Who Needs a Colposcopy?

Who Needs a Colposcopy?

Though the recommendations have changed over the years, the American College of Obstetricians and Gynecologists (ACOG) suggests women get pelvic exams when indicated by medical history or symptoms since 2018. These exams are designed to check for any signs of illness in your uterus, cervix, ovaries, fallopian tubes, bladder, and rectum. If your exam comes back normal, current guidelines indicate you come back every three years after three consecutive normal tests. If the results are abnormal, a colposcopy may be necessary to determine if there is any reason for concern. 

If your pelvic exam results have come back with abnormal results and you live in the Arlington, Texas area, Dr. Joan Bergstrom and her team of doctors at Women’s Health Services can help. We offer colposcopies as well as a variety of other services to diagnose and treat your needs.

What is a colposcopy?

This is a procedure that examines your vagina, vulva, and cervix for evidence of disease or illness if you have abnormal results from a pelvic exam. This is done using a colposcope, a magnifying device that shines a light into your vagina, allowing closer examination than can be done with the naked eye. If the procedure finds abnormal cells a sample of tissue (biopsy) is obtained to examine further.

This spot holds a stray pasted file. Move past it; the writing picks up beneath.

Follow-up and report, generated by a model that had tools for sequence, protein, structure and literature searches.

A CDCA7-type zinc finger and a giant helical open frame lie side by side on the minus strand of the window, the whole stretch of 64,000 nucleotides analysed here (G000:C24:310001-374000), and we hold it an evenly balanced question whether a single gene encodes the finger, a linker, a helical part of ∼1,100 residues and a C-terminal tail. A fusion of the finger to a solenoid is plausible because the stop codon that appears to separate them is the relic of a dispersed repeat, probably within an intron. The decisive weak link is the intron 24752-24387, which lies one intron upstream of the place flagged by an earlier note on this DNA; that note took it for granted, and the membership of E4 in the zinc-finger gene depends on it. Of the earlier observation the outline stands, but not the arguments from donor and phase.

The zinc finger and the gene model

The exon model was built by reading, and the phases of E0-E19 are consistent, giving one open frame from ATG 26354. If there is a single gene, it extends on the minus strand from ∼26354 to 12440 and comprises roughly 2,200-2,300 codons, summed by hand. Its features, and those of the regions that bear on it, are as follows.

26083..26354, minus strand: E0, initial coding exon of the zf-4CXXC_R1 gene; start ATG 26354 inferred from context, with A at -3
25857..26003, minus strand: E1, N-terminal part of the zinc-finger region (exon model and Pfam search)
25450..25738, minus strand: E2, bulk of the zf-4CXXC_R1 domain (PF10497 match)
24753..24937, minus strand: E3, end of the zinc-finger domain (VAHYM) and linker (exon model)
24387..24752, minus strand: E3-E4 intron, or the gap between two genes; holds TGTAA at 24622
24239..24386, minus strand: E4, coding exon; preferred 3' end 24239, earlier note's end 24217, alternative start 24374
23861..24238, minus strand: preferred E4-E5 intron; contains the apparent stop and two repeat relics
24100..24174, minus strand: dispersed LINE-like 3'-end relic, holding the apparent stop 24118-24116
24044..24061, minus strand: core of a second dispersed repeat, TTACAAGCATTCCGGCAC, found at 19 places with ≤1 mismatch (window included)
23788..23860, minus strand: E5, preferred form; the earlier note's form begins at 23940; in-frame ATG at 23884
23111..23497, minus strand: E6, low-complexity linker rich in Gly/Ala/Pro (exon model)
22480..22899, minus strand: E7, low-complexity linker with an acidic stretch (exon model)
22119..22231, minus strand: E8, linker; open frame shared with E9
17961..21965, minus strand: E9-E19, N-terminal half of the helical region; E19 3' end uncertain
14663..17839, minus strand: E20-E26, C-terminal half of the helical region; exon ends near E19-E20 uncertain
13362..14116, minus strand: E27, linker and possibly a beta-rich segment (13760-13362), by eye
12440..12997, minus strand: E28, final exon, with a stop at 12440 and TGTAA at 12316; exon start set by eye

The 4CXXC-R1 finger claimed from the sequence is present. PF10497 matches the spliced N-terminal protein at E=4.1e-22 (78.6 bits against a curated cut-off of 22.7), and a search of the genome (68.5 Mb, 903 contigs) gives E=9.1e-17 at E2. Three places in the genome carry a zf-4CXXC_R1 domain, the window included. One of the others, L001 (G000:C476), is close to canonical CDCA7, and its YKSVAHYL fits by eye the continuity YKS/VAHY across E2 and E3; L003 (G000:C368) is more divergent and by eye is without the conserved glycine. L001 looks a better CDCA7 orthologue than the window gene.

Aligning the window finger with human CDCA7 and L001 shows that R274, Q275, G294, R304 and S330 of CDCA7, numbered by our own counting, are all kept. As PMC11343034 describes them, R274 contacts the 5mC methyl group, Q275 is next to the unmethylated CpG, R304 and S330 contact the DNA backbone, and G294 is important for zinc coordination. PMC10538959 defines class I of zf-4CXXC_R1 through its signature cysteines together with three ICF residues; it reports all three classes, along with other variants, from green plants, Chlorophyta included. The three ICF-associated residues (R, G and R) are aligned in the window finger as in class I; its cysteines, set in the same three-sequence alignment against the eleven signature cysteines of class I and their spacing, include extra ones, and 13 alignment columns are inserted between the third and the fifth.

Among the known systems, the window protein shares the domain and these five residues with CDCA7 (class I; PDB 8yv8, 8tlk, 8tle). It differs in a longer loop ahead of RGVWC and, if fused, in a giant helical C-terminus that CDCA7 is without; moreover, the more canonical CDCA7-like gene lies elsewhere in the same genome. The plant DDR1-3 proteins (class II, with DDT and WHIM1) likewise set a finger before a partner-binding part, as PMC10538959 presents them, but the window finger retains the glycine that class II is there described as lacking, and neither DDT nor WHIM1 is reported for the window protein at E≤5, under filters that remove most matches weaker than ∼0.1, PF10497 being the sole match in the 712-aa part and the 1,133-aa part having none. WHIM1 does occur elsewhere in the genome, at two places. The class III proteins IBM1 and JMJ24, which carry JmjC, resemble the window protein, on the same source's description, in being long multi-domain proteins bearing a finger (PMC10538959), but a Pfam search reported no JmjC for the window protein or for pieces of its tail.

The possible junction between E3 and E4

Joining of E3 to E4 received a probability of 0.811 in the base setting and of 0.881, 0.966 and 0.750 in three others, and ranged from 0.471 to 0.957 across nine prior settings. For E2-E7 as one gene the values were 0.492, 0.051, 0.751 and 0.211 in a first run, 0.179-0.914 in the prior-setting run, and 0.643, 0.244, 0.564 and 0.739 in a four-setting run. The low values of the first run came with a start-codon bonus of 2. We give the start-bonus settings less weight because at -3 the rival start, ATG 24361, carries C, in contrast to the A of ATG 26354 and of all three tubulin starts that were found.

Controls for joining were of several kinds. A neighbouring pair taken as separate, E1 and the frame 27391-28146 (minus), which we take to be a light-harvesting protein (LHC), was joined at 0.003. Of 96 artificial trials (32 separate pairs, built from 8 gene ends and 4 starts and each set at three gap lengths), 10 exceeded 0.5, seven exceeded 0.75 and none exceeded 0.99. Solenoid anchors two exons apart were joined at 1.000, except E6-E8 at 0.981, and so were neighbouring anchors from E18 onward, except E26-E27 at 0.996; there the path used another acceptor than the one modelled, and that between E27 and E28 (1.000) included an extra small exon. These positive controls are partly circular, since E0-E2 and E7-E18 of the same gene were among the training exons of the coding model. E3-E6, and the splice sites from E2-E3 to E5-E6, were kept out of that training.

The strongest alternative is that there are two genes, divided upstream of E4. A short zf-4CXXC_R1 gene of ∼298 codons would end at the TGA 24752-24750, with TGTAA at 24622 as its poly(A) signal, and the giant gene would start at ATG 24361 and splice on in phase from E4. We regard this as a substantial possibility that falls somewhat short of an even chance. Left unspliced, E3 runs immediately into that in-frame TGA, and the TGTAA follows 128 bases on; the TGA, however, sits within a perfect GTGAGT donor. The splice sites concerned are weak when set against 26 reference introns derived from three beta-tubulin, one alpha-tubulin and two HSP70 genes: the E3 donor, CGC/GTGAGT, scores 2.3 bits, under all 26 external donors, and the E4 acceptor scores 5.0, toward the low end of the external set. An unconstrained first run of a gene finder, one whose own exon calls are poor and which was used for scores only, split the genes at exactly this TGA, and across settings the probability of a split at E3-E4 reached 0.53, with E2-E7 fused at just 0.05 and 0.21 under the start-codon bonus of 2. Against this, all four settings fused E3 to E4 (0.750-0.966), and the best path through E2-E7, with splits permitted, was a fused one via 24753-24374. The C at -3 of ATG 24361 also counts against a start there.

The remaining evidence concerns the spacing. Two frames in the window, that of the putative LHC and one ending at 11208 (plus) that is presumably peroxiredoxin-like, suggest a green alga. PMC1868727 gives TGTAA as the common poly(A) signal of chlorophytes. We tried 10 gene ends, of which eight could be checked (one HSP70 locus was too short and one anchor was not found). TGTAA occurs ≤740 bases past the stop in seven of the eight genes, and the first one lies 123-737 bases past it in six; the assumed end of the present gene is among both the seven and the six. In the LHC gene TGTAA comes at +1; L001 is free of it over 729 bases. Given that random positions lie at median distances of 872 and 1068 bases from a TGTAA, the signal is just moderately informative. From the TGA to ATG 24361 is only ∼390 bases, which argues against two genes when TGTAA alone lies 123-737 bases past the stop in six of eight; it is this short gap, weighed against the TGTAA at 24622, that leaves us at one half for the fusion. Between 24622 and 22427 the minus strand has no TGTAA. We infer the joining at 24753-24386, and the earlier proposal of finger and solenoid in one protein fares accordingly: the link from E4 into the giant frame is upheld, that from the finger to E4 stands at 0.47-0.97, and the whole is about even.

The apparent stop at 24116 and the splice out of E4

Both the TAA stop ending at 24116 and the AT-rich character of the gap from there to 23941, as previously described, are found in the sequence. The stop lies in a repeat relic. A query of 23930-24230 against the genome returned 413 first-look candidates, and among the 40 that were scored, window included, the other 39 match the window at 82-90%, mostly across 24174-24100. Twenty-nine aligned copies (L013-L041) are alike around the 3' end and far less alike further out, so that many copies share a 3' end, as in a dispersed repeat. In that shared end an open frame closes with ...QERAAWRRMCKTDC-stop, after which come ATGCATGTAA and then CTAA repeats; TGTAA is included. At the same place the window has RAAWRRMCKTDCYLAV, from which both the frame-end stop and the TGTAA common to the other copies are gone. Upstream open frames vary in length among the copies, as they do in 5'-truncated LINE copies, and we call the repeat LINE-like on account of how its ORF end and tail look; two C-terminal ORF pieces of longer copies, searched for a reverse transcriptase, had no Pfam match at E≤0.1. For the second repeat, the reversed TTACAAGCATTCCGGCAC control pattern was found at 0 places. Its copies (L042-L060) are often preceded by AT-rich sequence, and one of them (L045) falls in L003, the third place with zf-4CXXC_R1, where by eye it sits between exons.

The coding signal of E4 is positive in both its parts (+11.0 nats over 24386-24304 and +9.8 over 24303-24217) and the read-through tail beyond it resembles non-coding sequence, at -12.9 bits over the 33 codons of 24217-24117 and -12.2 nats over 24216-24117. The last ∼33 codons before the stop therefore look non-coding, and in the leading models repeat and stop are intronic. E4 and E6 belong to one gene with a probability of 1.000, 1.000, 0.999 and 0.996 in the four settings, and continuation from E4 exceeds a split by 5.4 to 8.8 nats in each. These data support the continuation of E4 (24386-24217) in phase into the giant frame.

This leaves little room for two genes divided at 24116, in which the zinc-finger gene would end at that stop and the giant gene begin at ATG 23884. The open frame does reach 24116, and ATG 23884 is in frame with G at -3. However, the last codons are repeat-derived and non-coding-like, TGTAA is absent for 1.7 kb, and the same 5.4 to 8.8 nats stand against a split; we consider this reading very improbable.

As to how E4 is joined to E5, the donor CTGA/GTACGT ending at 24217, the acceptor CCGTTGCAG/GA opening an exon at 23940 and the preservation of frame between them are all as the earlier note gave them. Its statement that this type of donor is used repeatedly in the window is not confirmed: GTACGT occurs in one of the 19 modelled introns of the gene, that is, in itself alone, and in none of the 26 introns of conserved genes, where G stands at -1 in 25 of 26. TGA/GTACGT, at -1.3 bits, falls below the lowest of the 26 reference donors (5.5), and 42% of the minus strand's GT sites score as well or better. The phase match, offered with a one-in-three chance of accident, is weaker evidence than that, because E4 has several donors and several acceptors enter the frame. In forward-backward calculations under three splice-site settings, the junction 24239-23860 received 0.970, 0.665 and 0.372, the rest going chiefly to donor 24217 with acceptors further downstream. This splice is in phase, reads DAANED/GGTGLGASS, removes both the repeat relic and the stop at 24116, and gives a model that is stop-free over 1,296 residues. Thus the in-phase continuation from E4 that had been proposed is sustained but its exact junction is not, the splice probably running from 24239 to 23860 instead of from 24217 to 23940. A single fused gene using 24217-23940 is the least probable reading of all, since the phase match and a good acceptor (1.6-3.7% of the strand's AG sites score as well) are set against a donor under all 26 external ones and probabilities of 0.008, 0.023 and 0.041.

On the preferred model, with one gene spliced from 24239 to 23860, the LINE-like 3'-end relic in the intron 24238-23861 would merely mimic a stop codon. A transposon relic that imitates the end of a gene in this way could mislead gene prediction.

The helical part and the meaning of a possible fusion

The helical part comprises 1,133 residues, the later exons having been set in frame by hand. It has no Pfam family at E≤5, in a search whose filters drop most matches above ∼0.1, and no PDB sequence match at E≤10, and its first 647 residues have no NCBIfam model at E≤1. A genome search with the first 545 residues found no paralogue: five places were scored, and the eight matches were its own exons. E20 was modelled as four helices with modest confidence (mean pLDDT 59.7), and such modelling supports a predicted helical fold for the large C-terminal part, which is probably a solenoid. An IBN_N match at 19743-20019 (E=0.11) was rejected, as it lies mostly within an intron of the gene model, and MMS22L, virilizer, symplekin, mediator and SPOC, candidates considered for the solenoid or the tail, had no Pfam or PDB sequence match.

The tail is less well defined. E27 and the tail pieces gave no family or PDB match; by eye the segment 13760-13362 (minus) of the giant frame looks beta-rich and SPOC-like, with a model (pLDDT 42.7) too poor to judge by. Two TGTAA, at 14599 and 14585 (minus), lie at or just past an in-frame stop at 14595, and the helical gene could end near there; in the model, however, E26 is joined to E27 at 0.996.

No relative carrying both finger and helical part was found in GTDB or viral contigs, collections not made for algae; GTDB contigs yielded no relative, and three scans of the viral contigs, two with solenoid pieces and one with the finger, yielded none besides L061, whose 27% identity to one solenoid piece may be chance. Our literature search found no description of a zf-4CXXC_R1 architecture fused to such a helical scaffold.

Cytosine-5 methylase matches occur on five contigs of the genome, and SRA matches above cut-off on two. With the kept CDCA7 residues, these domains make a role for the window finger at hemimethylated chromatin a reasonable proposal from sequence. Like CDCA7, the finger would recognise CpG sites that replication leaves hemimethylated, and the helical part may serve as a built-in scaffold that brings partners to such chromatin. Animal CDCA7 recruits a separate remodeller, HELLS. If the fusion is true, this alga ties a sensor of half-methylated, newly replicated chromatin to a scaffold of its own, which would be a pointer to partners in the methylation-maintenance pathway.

What is it used to detect?

This procedure is used to check for the following conditions:

Genital warts

This is one of the most common types of sexually transmitted infections (STIs). Symptoms include small, flesh-colored swellings in your genitals, a cauliflower-like shape due to several warts grouped together, itching and discomfort, and bleeding during intercourse.


Inflammation of the cervix can be caused by STIs, allergic reactions to contraceptive spermicide or latex, or bacterial overgrowth. If you have cervicitis you may experience large amounts of unusual vaginal discharge, painful urination, bleeding between periods, pain during sex, and bleeding after sex.

Precancerous changes

This refers to cells in the cervix, vagina, or vulva that may change into cancer cells. These separate conditions are also known as cervical dysplasia, vaginal intraepithelial neoplasia (VAIN), and vulvar intraepithelial neoplasia (VIN) respectively. If you have any of these conditions, none of them mean you will get cancer, merely that the risk is there due to the presence of abnormal cells.

What can you expect from the procedure?

This procedure starts in a similar fashion to a pap smear or pelvic exam. You lie on your back on a table with stirrups. The colposcope is positioned close to your pelvis and a speculum is placed in your vagina. A vinegar solution is swabbed on your cervix and vagina to clear away mucus and make abnormal cells easier to see.

Photographs are taken and if necessary, a biopsy if there are any unusual findings. After a colposcopy is done you may experience a dark discharge for a few days, as well as mild soreness and cramping. 

It’s completely normal to have some anxieties before getting a colposcopy, so to help relieve any stress before the procedure, asking questions and finding ways to relax can help make your experience go smoothly. If you’re ready for your colposcopy or you have any concerns, make an appointment with Dr. Bergstrom and Women’s Health Services today.

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